The Peerpocalypse Planning Committee is pleased to announce the 2020 keynote speakers! Please note that the keynotes are in alphabetical order by last name, and not in order by schedule. The presentation schedule will be included in the program.
Braunwynn is a Black Woman with lived experience in regard to mental health, incarceration and gender-based violence. She has advocated nationally in the peer mental health and prison reform communities, and is dedicated to making a difference in these communities. She has worked with and trained individuals in various settings, as well as in several states in peer support, peer wellness and other health-related peer services. She has a Bachelor's degree in Health Care Administration. She sits on many service agency Board of Directors. She has been a member of the Oregon Consumer Advisory Committee (OCAC) for over 3 years.
DeAndre Kenyanjui works for Multnomah County Health Department’s Office of Consumer Engagement. But not too long ago, he said, his life looked much different. After experiencing mental health and addiction issues, he found community through Central City Concern. Now, his heart is in Giving back to the people who suffer from the disease of Addiction.
Born in Portland he has experienced the Trauma, Gangs and Criminal Justice System Intergenerationally. DeAndre is a survivor of Gang Violence. He started using alcohol at the young age of 12 and started his Recovery Journey at the age of 29.
DeAndre is on Various Boards, Committee’s and Councils such as Luk Dorf Peer Advisory Council, Oregon Community Advisory Council, Oregon Peer Delivered Services Advisory Council, Mentors Advisory Council, Community Peace Collaborative (CPC), Central City Concerns- Housing Employment Services Advisory Council (HESAC) just to name a few.
His goal is to Change Lives and Systems through his Lived-Experience.
Christina Peirsol draws experience from a rough childhood, being over-medicated as a teenager, and the compounded struggles of young adulthood. Chrissy started volunteering as a young child and found healthy and safe attention with positive reinforcement that she couldn't get from home. Later, as a youth activist, Chrissy attended every training, conference, and community event she could. She feels in many ways her activism/volunteer work has not only given her a free education, but also filled in so many of the emotional intelligence deficits from a traumatic upbringing. Now at 33, there are still struggles but ones Chrissy knows how to cope with and feels strong in knowing her authentic self. She understands her skills and passion that help her find the energy to complete the goals she set for herself. Chrissy is currently a co-chair of the Oregon Consumber Advisory Council and has been on OCAC for almost ten years. She has grown so strong in those years and has found honor in the person she has become, and in how she treats others. Chrissy can barely hold onto the potential of her energy and the positive changes she can influence in the world.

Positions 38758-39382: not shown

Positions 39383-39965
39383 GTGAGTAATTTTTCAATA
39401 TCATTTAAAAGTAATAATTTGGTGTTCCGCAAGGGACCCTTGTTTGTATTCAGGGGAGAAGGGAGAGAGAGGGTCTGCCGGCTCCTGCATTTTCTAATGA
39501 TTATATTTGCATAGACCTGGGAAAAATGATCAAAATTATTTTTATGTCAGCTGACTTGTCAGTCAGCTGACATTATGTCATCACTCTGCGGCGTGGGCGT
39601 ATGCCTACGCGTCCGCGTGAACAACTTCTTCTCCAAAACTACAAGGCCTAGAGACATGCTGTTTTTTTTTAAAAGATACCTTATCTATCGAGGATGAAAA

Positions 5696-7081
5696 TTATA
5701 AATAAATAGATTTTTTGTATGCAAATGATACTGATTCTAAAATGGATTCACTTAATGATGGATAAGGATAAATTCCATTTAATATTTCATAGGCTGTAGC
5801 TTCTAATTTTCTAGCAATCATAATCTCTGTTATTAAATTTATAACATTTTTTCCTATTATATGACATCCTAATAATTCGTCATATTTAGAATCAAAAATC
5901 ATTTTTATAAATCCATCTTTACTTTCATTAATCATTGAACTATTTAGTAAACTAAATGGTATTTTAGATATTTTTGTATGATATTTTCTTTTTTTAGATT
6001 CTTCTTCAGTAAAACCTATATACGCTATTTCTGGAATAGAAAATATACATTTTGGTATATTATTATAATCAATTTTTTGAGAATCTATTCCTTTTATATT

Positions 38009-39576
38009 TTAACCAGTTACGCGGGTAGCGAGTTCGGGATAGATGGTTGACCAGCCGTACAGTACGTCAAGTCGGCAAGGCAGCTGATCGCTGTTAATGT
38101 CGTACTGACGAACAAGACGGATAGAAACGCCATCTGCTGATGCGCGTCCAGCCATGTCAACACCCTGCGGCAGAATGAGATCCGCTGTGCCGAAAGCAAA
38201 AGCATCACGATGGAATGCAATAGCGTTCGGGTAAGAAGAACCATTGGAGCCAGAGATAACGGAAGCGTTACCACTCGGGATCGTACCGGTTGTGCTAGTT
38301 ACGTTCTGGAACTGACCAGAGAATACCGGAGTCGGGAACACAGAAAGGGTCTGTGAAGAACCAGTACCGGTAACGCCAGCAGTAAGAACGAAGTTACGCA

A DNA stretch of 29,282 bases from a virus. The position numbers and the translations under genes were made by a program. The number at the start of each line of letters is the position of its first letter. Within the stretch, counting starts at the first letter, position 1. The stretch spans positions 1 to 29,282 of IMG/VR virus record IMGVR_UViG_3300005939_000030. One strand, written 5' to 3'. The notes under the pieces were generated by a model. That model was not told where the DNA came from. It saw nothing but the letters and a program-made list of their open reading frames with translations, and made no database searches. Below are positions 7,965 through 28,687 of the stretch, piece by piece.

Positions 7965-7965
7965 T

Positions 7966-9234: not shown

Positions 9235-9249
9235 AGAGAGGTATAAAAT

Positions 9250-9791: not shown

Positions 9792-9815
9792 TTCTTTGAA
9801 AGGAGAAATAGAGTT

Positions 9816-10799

DR. NADIA RICHARDSON
Dr. Nadia M. Richardson is a health equity educator focused on fighting health disparities. She is the Founder of No More Martyrs, a mental health awareness campaign that seeks to build a community of support for Black women and girls. Through No More Martyrs, Dr. Richardson hosts signature events such as the annual Minority Mental Health Awareness Summit that attracts participants from across the United States and Canada. She is an innovative educator and committed community organizer. Her professional experiences includes over 15 years working in nonprofit organizations and various educational institutions. As a university instructor, she has developed and taught courses on diversity, social justice leadership, health disparities, bioethics, culturally responsive care and academic potential. She has also led mental health advocacy workshops at universities such as Providence College, Bucknell University, University of Massachusetts Amherst, Auburn University and Birmingham-Southern College. Dr. Richardson is a member of the University of Alabama at Birmingham (UAB) Minority Health and Health Disparities (MHRC) Community Advisory Committee. In 2017, she spoke at a 2017 congressional briefing on Black women and mental health on Capitol Hill in Washington, DC by invitation from the Office of Congresswoman Robin Kelly. The briefing was organized through the Congressional Caucus for Black Women and Girls. In addition, in 2017, the National Minority Quality Forum selected Dr. Richardson as a top 40 under 40 Leader in Health.